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Impact Evaluation of Victim Services Programs: STOP Grants Funded by the Violence Against Women Act

NCJ Number
Date Published
January 2000
59 pages
This report presents the findings from a survey and interviews to determine the impact of a sample of STOP-Violence-Against-Women projects funded under the Federal Violence Against Women Act.
This project surveyed two samples of program representatives to obtain information about STOP grant programs: a sample of representatives of STOP subgrantee programs and a sample of representatives of programs that worked in close cooperation with STOP subgrantees to serve victims. The sampling frame for the project was defined as STOP subgrantees awarded to criminal justice agencies for delivery of services to domestic-violence, sexual-assault, and stalking victims. Sixty-two interviews were completed with STOP subgrantee program representatives. An additional 96 interviews were completed with representatives of programs that worked in coordination with the 62 STOP programs. The majority of surveyed programs reported that they were able to serve more victims, expand the type of services, and provide more comprehensive services as a direct result of the STOP funding. The vast majority of respondents believed that STOP grants resulted in empowering victims and improving victims' psychosocial well-being. Improvement in victim's financial circumstances was also noted, but by fewer program respondents than cited improvements in the areas of empowerment and psychosocial functioning. According to the majority of respondents, STOP grants had a direct impact on keeping victims better informed about criminal justice actions taken in their cases; improving the treatment of victims by the criminal justice system; yielding more successful prosecutions; and reducing the number of victims withdrawing their support from the prosecution. The majority of respondents reported that STOP funds impacted on the way domestic violence and sexual assault victims were treated by the community. STOP funds extended the range of services provided by community programs; increased the coordination of victim services; and increased awareness of issues related to violence against women. Suggestions are offered for future research. 8 tables, 52 references, and appended survey instrument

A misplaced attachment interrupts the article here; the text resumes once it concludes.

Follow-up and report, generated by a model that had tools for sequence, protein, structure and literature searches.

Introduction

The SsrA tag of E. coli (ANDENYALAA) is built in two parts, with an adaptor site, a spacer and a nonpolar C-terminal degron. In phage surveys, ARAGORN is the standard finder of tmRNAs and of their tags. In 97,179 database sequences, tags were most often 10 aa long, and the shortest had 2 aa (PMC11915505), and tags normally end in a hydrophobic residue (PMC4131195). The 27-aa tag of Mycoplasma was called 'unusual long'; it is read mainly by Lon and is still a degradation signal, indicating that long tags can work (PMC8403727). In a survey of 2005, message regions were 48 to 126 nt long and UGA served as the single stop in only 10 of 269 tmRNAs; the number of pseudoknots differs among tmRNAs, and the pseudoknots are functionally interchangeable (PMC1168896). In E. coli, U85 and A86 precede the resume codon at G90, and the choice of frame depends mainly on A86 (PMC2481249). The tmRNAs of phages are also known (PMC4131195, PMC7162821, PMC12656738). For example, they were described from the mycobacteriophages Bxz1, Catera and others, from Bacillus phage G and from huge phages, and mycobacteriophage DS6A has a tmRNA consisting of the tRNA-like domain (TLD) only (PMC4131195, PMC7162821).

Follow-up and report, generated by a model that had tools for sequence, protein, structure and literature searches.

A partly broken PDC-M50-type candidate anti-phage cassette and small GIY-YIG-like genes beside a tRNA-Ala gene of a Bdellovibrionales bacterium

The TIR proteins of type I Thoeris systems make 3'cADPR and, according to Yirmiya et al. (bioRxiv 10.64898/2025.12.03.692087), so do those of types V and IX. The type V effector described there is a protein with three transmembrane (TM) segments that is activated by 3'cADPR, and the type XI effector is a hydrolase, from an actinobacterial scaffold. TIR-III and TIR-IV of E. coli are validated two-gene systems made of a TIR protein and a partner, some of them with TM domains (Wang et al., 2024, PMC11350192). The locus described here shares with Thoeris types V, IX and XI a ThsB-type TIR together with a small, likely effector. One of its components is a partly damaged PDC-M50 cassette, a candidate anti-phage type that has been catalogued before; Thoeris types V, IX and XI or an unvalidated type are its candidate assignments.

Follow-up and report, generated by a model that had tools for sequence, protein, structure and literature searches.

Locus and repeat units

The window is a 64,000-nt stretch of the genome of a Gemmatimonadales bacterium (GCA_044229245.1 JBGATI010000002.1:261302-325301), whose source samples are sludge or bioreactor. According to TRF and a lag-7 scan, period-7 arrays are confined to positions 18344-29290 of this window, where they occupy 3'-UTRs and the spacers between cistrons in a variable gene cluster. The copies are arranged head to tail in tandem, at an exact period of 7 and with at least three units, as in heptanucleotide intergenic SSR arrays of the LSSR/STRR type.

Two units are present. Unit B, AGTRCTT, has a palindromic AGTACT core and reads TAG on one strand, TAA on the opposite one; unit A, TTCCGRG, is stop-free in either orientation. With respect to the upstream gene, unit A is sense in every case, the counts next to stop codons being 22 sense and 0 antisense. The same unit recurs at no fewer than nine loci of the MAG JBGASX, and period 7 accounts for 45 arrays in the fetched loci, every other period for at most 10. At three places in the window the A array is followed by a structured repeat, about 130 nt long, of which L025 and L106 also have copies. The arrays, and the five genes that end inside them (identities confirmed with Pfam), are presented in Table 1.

Date Published: January 1, 2000